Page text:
Because of the lack of funding for seminary formation in the Onitsha Archdiocese, Msgr. Tofani noted that Father Muorah raised $15,109 from the mission appeals he led in four diocesan parishes this past summer. The mission appeals were conducted through the diocesan Office’s Missionary Cooperation Plan, Msgr. Tofani said.
Father Muorah recalled when Pope John Paul II made a pastoral visit to Nigeria in 1982 and directed the archbishop to send priests on “mission to other parts of the world.” He noted that there are currently some 35 priests from the Onitsha Archdiocese who serve in different parts of Nigeria, six in other dioceses in Africa, 20 in Europe, 65 in North America and four in Australia.
Students’ attention was drawn to another part of the world when they were shown a compelling video of the devastation of the January, 2010 earthquake in Haiti. Presenters Kaitlyn Campbell and David Walsh, both of Springfield, Mass., commanded the full attention of the students as they discussed their ministry to the country’s poor through Hands Together.
Hands Together is a Catholic organization founded in 1986 by Father Tom Hagan, an Oblate of St. Francis de Sales priest and former Princeton University chaplain, and Doug Campbell. Hands Together has emerged as a key educational and development agency in Haiti’s largest and poorest slum, Cite Soleil. The agency has helped to build new schools, provide each student with a daily hot meal, and it also operates a free clinic and an elderly outreach and housing program. Outside of Port-au-Prince, Hands Together helps to promote human development among the rural poor through water well digging, promoting agricultural and production, and assisting the poorest schools and clinics around the northern city of Gonaives.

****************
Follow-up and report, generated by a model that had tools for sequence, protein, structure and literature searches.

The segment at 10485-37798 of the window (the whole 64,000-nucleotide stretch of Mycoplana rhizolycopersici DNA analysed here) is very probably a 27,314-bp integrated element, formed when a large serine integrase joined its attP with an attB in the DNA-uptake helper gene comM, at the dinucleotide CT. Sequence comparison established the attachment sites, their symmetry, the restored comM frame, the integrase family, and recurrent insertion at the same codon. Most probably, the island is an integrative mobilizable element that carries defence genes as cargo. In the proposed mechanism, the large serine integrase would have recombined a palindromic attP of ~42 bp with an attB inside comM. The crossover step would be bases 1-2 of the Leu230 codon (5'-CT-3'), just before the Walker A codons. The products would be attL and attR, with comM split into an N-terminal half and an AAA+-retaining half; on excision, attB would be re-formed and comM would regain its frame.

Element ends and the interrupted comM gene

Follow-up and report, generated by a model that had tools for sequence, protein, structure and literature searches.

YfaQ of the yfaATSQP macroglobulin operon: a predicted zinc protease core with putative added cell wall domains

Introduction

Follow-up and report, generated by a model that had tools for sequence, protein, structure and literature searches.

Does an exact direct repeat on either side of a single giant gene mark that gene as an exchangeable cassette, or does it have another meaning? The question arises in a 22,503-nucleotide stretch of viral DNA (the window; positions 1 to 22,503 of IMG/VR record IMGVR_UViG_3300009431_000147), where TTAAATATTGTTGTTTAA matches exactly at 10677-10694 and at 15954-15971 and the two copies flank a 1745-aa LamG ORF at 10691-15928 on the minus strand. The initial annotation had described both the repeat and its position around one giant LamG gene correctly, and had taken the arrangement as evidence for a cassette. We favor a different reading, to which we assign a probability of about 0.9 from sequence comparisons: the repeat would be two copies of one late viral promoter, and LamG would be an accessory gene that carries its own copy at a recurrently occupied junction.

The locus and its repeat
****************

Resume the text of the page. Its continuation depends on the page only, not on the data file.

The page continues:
Kaitlyn Campbell became involved in Hands Together through her father, Doug Campbell, and was 10 years old when she first traveled to Haiti. David Walsh’s introduction was less than a year ago after graduating from Lasell College in Newton, Mass., with a degree in finance. Walsh said he began working with an insurance company that he learned was not “very reputable.”
“I couldn’t make a living being dishonest, so I left,” he said, and soon joined the staff of Hands Together, where he is responsible for scheduling mission appeals and other office work.
Walsh, who has had occasion to travel to Haiti, encouraged his audience to “find your passion in life and use it to make the world a better place.”
“You just have to have a good heart and you’ll find your niche of how to help others with your individual talents,” he said.
Mission Work at Home